Hastings Law Journal


For two decades children suffering from severe genetic defects have sought recovery from genetic counselors whose alleged negligence caused their births, but not their defects. In these cases the courts have stumbled over traditional remedial principles. Because the child would not have been born but for the negligence, few courts have been willing to accept a child's allegation that her rightful position-unborn-is preferable to her impaired condition.

In this Article, Professor Kelly argues that in order to advance social policies favoring compensation, deterrence, and fairness, courts must analyze genetic counselling torts more thoroughly and more imaginatively. He then proposes three alternative remedial approaches that overcome obstacles to recovery by impaired children.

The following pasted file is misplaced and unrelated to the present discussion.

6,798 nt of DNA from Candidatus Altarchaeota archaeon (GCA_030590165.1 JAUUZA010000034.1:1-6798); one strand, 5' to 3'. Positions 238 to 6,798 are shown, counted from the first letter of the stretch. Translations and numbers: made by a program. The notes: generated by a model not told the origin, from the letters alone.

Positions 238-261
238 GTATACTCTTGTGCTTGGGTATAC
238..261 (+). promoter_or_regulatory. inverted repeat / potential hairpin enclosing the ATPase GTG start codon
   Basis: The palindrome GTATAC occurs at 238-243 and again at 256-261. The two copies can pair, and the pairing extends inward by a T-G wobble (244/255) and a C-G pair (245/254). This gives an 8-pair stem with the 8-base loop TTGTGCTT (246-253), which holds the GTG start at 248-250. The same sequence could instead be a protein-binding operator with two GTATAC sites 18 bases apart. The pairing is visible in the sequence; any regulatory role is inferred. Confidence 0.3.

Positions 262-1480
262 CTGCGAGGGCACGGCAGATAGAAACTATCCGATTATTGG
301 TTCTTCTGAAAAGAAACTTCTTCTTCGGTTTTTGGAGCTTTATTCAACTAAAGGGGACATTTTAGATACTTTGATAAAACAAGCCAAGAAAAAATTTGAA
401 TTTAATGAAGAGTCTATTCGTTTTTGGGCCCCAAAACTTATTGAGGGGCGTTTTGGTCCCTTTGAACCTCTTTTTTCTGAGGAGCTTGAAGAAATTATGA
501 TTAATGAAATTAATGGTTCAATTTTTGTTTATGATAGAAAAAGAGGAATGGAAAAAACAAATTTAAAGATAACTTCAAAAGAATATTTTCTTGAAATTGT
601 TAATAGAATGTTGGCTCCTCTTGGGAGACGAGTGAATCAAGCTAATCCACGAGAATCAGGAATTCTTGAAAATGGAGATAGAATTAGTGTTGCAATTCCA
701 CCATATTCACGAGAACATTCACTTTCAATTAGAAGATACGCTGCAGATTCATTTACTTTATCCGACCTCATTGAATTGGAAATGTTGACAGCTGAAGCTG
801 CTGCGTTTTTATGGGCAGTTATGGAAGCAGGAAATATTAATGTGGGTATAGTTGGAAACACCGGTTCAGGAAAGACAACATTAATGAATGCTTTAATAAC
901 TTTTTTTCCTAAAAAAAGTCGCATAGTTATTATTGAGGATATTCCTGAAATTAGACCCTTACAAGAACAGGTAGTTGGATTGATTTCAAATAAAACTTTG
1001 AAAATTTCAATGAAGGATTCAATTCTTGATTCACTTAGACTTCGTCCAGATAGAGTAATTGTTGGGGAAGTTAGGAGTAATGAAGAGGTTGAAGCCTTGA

First, Professor Kelly argues that consistent application of traditional tort principles, including thoughtful application of the benefits rule, permits the comparisons that are necessary to a finding that impaired children are entitled to compensation. Second, he suggests that remedial principles drawn from misrepresentation cases identify the rightful position as the child's status if the genetic counselor's diagnosis had been correct, and consequently obviate the difficulties that deter recovery under traditional tort rules. Finally, Professor Kelly. proposes a broader view of the tort, one that considers the rightful position of the family unit, which might have included a healthy child born later. He argues that this third approach presents the most realistic, although perhaps the most problematic, remedial possibility for genetic counseling.

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